Posted on Friday, June 8th, 2012 by Jordan Hoffman
Eros(2004); Wong Kar-Wai, Steven Soderbergh, Michelangelo Antonioni, directors.
Eros: The Greek god of Love. The Roman version is Cupid. You’ve heard of him.
Another omnibus film. Unlike New York Stories which has two great chapters and one awful one, this one has three that are all pretty cool in completely different ways.
Wong Kar-Wai’s short is about a shy tailer who has been commissioned to create clothing for a prostitute. They talk and behave sexually in the moody way people do in WKW’s movies. If you liked In The Mood For Love this is like a little extra taste.
Soderbergh’s is a screwball one-act play therapy session between Robert Downey Jr. and Alan Arkin. It is hilarious and gorgeously shot in black & white. It even has a punchline and, now that I think about it, it is the funniest thing Soderbergh has ever done outside of Schizopolis. Fans of our greatest working trans-stylist really need to see this.
Antonioni, who was 91 when he made this, gets a pass on this one. It is such pretentious “foreign film” material that you can’t help but love it for being a parody of itself. First, a couple eat outside, then there is screwing, then there is naked dancing on the beach. It is absurd, but if you have a soft spot for mid-century European Art Cinema (and you should know by now that I do) you have to simply salute this as a swan song. I wanna be 91 telling busty, naked Luisa Ranieri and Regina Nemni what to do in the surf!
Dionysus in ’69 (1970); Brian De Palma, director.
Dionysus: Greek deity of wine, theater, ritual madness and ecstacy. Boo-ya!
I’ll confess another subgenre where I know I’m biased: New York-based late 60’s counter-culture films. (I don’t think there’s been one TBMYPHS that hasn’t included one.)
This time it is Brian De Palma bringing all of his split-screen documentary style to capture a theatrical adaptation of Euripides’ The Bacchae. The experimental theater troupe known as The Performance Group (which would introduce us, directly or indirectly, to people like William Finley, Spalding Gray, Sam Shepherd and Willem Dafoe) were among the first artistic explorers in New York’s SoHo district. At the time was made up primarily of soon-to-be-abandoned warehouses. Their main haunt was the Performing Garage (I’ve been there!) and it was as cool as it sounds.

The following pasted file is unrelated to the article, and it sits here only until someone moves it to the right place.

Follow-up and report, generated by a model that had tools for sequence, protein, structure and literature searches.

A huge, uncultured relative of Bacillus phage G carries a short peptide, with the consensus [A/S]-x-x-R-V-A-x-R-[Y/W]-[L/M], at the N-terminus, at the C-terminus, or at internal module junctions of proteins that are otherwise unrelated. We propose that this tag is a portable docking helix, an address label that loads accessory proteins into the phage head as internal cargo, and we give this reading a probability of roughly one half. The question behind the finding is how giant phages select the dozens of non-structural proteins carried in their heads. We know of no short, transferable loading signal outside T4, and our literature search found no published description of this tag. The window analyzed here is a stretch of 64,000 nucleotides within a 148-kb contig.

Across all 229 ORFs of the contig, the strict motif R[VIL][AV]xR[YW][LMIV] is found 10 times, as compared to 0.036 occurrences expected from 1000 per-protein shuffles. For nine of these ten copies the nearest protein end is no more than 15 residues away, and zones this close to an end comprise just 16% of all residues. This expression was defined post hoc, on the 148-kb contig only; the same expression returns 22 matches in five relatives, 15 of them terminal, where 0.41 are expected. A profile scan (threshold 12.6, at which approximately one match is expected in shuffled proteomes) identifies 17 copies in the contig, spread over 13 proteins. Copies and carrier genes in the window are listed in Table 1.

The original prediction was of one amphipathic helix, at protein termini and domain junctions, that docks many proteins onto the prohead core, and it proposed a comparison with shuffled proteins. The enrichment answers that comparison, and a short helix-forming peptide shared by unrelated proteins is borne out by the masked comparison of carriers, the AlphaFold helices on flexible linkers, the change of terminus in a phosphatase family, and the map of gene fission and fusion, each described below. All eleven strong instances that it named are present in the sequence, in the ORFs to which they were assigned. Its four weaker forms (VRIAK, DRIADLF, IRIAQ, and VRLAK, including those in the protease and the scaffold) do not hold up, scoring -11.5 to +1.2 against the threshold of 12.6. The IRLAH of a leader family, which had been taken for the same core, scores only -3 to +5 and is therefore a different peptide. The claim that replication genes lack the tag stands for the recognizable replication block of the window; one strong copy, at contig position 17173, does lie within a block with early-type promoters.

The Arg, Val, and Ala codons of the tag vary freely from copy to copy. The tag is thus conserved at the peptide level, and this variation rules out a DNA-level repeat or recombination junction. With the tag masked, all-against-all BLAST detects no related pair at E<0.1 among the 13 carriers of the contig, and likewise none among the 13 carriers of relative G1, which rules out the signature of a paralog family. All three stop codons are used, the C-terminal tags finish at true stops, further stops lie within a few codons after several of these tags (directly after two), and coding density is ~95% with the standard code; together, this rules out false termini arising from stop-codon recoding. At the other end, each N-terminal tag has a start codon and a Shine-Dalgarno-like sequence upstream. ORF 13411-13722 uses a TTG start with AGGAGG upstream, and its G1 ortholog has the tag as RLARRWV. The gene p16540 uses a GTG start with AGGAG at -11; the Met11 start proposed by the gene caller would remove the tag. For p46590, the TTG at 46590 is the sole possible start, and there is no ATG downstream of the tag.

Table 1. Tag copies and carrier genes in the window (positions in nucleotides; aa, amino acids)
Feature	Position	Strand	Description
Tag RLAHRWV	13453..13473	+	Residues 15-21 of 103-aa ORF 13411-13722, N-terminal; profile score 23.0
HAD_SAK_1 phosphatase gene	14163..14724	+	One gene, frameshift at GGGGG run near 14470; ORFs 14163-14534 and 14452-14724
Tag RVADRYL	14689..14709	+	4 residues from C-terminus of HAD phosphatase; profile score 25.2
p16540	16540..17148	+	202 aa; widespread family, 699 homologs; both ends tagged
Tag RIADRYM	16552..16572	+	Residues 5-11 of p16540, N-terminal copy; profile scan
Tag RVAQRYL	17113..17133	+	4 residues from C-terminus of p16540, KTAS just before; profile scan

Dionysus in ’69 is more of a time capsule than anything else. The show was quite radical in its interaction with the audience. That isn’t to say it wasn’t scripted, but, like a jazz performance, it made space for things to happen and no two shows were the same. De Palma shot two nights and the result is, indeed, quite far out.
You’ll never in a million years find a rental of this disc, however it is a legal stream – apparently the original Performance Group’s artistic director, Richard Schechner, is still kickin’ at 82 and teaching at New York University. As such, he’s distributed a video version through NYU. Using that as a green light, then, let me point you to a cleaner version of it here. Watch it and be the hippest person on your block.
The Cassandra Crossing (1976); George P. Cosmatos, director.
Cassandra: daughter of King Priam and Queen Hecuba, she was granted by Apollo the gift of prophesy. Unfortunately, she oftentimes saw bad things and, let’s face it, who wants to hear about bad things? As such, she had a hard time convincing anyone about the trouble she saw brewing, and was oftentimes dismissed as ancient Greece’s version of a Debbie Downer.
Disaster flicks! I love ’em. While this one isn’t quite as good as The Swarm it comes close for its cheese to bloated all-star cast ratio.
Sofia Loren, Burt Lancaster, Richard Harris, Ingrid Thulin, O.J. Freakin’ Simpson, Lee Strasberg (!), Martin Sheen, Ava Gardner and more are all on a train, along with a terrorist and his biological weapon.
Everyone is sleeping with each other and being dramatic until it is time for heroics. Then they’re all dying in more and more complex ways. They don’t make ’em like this anymore.
Tyrion Slaps Joffrey For 10 Minutes To Achilles Last Stand (2011), WesterosTales, director.
Achilles: Greek hero at Troy, star of “The Illiad,” dipped at birth by Thetis in the River Styx to make him immortal, though (whoopsie!) held at the heel, hence giving him an Achilles’ Heel.
I thought about wrapping up with Titan A.E. or the Rachel Weisz math-sploitation picture Agora, but then I looked at this video again. And I couldn’t stop.
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